When you say OBD i'm assuming you mean generic data. The answer is outright NO. OBD generic data has no parameters that the alignment can be gleamed from. If the car has a steering wheel angle sensor then maybe you could tell if something is wrong. This data would be available in manufacturer specific. If the angle has been off for a long time at high ...


2

Yes, provided the following conditions are met: the units for the values MAF and fuel flow values are consistent. if you're using OBD-II parameters the values are usually in different units. In fact, fuel flow is usually volumetric (L/hr) and not mass flow like the reading from the MAF so you would have to correct for that by injector flow rate, I'm ...


2

From the Wikipedia page on OBD-II PIDs. PID 1E designates if the Power Transfer Output (PTO) is active or not. PID 65 is the sister PID to 1E designating if 1E means anything, supported or not. A PTO is a device that attaches to an engine/transmission that does other work besides driving the vehicle forward. For example a dump truck commonly had a ...


4

You can do this through the OBD-II protocol (SAE J1979).: +------+-----+-------------------+ | Mode | PID | Description | +------+-----+-------------------+ | 01 | 5E | Engine fuel rate | ( liters/hour ) +------+-----+-------------------+ | 01 | 43 | Engine RPM | +------+-----+-------------------+ You can use the RPM to figure out how ...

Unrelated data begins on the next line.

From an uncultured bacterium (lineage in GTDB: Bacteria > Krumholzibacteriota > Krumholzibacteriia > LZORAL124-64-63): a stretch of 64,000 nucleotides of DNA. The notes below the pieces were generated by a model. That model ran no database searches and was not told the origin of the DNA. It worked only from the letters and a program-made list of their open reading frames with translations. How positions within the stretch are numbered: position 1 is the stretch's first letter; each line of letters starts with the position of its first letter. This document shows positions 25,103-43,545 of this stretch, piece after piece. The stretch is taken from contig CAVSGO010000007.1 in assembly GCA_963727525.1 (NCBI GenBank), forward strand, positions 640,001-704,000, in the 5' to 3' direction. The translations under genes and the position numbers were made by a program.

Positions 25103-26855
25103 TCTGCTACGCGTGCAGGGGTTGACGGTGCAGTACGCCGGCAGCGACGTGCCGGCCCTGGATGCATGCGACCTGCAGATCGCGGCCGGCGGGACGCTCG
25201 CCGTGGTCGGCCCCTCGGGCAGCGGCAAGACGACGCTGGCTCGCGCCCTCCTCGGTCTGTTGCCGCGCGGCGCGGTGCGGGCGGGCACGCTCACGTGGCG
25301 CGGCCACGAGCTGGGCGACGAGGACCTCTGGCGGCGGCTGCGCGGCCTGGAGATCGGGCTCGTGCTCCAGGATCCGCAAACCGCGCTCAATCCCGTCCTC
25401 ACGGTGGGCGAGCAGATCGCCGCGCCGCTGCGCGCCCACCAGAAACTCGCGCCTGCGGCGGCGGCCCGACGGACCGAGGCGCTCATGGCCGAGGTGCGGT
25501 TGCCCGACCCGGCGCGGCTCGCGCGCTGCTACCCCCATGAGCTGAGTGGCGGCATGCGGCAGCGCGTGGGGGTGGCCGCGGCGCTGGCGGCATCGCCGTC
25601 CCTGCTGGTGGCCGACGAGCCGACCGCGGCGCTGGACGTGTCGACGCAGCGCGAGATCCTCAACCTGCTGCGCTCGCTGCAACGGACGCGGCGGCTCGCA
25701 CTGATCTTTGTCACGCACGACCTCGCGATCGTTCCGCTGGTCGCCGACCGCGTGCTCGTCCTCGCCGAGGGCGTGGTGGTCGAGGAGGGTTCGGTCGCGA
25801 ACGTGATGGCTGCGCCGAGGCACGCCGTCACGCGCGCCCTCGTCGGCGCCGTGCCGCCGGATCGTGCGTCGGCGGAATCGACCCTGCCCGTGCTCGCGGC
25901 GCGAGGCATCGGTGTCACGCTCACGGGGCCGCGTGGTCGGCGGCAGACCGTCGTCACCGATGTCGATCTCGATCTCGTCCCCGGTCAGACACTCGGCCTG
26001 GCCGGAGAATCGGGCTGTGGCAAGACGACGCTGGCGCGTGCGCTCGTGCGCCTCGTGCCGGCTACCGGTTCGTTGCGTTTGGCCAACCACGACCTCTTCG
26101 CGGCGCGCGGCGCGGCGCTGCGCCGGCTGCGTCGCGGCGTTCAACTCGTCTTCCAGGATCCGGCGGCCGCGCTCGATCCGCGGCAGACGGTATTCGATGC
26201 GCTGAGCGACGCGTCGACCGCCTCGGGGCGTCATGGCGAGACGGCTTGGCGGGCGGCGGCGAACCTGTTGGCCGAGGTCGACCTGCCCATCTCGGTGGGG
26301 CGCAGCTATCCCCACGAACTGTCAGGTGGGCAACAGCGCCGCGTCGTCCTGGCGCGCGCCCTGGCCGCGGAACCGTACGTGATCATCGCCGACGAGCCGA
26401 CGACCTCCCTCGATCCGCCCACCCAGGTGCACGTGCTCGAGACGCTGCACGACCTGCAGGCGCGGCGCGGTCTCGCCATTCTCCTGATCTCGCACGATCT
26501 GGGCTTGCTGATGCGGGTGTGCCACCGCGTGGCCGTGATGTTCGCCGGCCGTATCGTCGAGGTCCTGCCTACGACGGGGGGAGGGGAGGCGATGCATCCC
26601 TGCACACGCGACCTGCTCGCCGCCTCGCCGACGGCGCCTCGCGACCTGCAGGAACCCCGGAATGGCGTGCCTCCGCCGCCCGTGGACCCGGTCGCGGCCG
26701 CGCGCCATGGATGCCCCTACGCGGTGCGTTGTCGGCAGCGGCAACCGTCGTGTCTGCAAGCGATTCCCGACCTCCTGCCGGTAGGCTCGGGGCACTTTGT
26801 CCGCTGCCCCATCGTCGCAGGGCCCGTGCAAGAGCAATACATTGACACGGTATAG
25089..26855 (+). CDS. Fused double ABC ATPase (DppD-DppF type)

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If you know what the fuel pressure is at the injector, what size of injector you have (flow rate), and you pull out the pulse width (how long the injector stays on), you can figure out how much fuel is being injected each and every time it fires. You should be able to pull out the pulse width at any given time from the ECU, if you pull the right PID. It's ...


1

Some ideas... You could also use the fact that typically if your vehicle speed is/was accelerating, and the RPM drops sharply without the vehicle speed dropping, then the driver shifted up. If the RPM increases quickly and the vehicle is not accelerating, then the driver down shifted. This would not account for dropping it in neutral. You might be able ...


4

What you want to do is not easy and is an exercise in data analysis. First you need to know the gear ratios of the car and the tire size. The tire size will allow you to calculate the RPM of the output shaft. This is where the fun data analysis comes in. The gear ratio will converge as the clutch engages. For example if your sitting at a stop the gear ...